Stair Lights

Cat coming down the stairs after activating the top stair beam sensor which turned the LED stair lights on. When the lights are off and it is dark outside these lights are this cat’s best friend.

Stair Lighting Controller Kit

This project is now available as a kit! The documentation is available here and the kit parts are available here. The prototype shown below is a very crude demonstration of the stair lighting idea. The Stair Lighting Controller Kit is a much more refined version that is available in kit form or fully assembled, tested and ready to install. It has built on the concept of the prototype but it has been designed for a simple installation process. The beams have also been greatly enhanced, they are now IR (infrared) beams which allow for a simple to install invisible beam. There are also two types of on patterns available, you can have the standard ramp on where all of the lights ramp up in intensity together or you can have the lights light one step at a time as you use the stairs.


Watch a video (5.8 MB) of the stairs lights in operation!

Shows breaking of the beam by me and then my cat. It is demonstrated in the dark so it can be difficult to see what is going on.

Another video, (4.8 MB) operating with the lights on.

Shows breaking of the beam by me and then my cat. This time it is done with the lights on so it is easier to see what is happening.

This video (2.2 MB)shows a close up of an LED, the laser output and the optical sensor.

The laser beam can be seen on whatever breaks it, the laser was taken from inexpensive laser pointers and the laser sensor is actually an infrared transistor. The power of the laser has been reduced greatly so that it can’t cause any harm to someone looking directly into the beam.


These lights were inspired by my cat. We have an older cat, and with old age comes a loss of agility, coordination and night sight. At night when the house lights are off I had heard the cat trip on the stairs to the basement. I needed to come up with a method of lighting the stairs at night when the house is dark. I thought that I could install a night light that comes on when it is dark. But this would have been too easy, there must be a more complex way to aid the cat. The end result is my microcontroller controlled stair lights. There is a laser beam at the top and bottom of the stairs, the height of the beams allows it to detect humans as well as our cat. There is an LED installed under each stair tread, this softly lights each stair.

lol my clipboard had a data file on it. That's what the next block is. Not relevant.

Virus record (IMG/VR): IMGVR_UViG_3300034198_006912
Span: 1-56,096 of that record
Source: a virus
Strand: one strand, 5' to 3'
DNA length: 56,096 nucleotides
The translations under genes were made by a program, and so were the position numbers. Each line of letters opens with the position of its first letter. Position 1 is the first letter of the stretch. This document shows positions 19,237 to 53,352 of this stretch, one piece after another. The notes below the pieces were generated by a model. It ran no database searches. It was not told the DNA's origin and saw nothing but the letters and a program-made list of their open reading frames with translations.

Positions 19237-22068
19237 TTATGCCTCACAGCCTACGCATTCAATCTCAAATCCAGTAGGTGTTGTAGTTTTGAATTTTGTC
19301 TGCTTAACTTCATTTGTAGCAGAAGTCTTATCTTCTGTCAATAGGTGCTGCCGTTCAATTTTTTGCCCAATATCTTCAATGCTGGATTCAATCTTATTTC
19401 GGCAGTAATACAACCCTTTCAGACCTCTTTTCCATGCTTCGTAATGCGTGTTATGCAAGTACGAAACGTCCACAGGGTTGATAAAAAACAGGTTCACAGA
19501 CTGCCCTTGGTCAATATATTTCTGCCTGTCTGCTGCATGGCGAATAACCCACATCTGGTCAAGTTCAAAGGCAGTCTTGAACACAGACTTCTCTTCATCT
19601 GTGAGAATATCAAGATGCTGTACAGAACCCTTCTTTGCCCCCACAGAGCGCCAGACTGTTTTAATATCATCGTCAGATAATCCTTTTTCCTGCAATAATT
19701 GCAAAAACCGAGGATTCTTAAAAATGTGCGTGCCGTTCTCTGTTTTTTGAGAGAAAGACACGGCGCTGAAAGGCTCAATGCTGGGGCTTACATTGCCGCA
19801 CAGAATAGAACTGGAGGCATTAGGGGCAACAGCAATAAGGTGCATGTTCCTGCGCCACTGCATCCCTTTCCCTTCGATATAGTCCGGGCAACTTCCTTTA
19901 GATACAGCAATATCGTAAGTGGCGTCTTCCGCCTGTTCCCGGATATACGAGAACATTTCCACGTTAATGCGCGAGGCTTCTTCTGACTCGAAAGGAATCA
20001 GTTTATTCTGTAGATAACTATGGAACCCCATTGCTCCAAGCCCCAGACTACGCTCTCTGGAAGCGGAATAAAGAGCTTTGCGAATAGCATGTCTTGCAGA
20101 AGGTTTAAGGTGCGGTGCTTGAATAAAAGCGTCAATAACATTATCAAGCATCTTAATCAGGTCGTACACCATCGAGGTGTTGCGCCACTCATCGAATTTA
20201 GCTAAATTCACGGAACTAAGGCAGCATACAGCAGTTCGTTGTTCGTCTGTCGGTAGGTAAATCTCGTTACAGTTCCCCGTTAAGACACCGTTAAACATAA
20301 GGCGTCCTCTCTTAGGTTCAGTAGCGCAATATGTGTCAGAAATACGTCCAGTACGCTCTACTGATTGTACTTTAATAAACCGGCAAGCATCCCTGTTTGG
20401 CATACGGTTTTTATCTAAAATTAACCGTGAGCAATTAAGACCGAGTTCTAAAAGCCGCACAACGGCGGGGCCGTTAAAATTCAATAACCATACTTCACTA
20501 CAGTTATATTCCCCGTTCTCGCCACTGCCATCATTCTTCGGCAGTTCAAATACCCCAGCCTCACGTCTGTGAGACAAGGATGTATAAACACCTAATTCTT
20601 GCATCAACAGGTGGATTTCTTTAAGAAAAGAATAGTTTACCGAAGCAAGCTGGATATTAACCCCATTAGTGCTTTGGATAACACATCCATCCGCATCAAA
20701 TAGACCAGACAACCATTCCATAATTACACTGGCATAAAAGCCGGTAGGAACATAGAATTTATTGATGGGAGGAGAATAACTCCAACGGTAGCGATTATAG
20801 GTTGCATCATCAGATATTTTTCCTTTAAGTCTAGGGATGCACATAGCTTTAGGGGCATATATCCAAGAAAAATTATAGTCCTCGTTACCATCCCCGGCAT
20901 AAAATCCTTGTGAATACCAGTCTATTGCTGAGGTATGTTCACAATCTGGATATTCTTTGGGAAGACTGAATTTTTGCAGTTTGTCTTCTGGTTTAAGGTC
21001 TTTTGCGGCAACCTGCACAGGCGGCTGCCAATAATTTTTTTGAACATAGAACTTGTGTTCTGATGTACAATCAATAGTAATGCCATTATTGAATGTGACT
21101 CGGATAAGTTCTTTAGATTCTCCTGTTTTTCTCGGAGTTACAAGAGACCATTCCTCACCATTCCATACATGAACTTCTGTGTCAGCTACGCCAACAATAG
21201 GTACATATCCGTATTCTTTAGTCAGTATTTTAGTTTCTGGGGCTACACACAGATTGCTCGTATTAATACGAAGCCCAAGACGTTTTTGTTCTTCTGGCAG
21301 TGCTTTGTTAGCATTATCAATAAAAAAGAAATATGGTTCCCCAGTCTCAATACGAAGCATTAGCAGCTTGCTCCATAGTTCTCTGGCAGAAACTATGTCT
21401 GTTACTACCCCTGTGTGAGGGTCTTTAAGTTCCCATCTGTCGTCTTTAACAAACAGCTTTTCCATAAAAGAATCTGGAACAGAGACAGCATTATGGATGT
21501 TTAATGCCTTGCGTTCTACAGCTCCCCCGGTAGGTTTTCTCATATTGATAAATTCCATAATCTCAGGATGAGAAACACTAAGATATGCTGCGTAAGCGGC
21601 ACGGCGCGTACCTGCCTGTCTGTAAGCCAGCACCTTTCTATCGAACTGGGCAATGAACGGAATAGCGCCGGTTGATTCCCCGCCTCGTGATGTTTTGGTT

When a beam is broken the lights ramp on, it might look as though they just turn on but there is a soft start algorithm that brings them from off to on quite quickly. There is then a delay to allow the person/animal to use the stairs. The lights then turn off one stair at a time following the person/animal. For example if the top beam was broken to activate the lights the lights will turn off starting with the top stair light. The lights ramp off at a slower more noticeable rate. There is also a small speaker that is connected to the system, the purpose was to be alerted if a small child was attempting to go upstairs. This speaker was mainly used while doing debugging, it has since been padded way down so that it is barely audible since it is not needed. Two buttons on the unit were going to be used to program the device and force the lights on or off. These have not completely been programmed since there has never been an occasion to need them.

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This is in the mechanical room on the opposite wall of the stairs.

The Terminal block connects all of the external LEDs, lasers, sensors, etc. to the controller.

The ribbon cable connects the terminal block to the system.

There is a heat sinked 5 volt regulator at the top of the board, the heat sink is needed since this unit can require up 250mA of current at 5V when all of the stair LEDs are on. Rest current is about 30mA, this is mainly the green power on LED mounted on the board.

Two buttons were mounted and connected to the microcontroller, they were going to be for programming functions and also forcing the lights on or off as needed. This function has not been completed since there ended up being a lack of need for this function.

The speaker was helpful when debugging the system, it was also going to be used as a warning device, for example a child is trying to climb the stairs. The speaker has since been padded to be very quiet since the warning function is no longer needed.

Heat Sink for the 5V regulator.

Lower look at the board.

The laser is from a inexpensive laser pointer, it has been mounted on a channel that can be secured to a stud. There is enough flex in the steel so that it can be aimed easily.

Upper picture of the laser, the clear laser pointer end cap was used to attach the device to the steel.

Wiring for three of the stairs LEDs. (I know… I still have to clip the ends of the tie wrap cables)

Single stair LED power cable.

Close up of a stair LED.

Laser shining on hand.

Hole in wall where the laser beam comes out.

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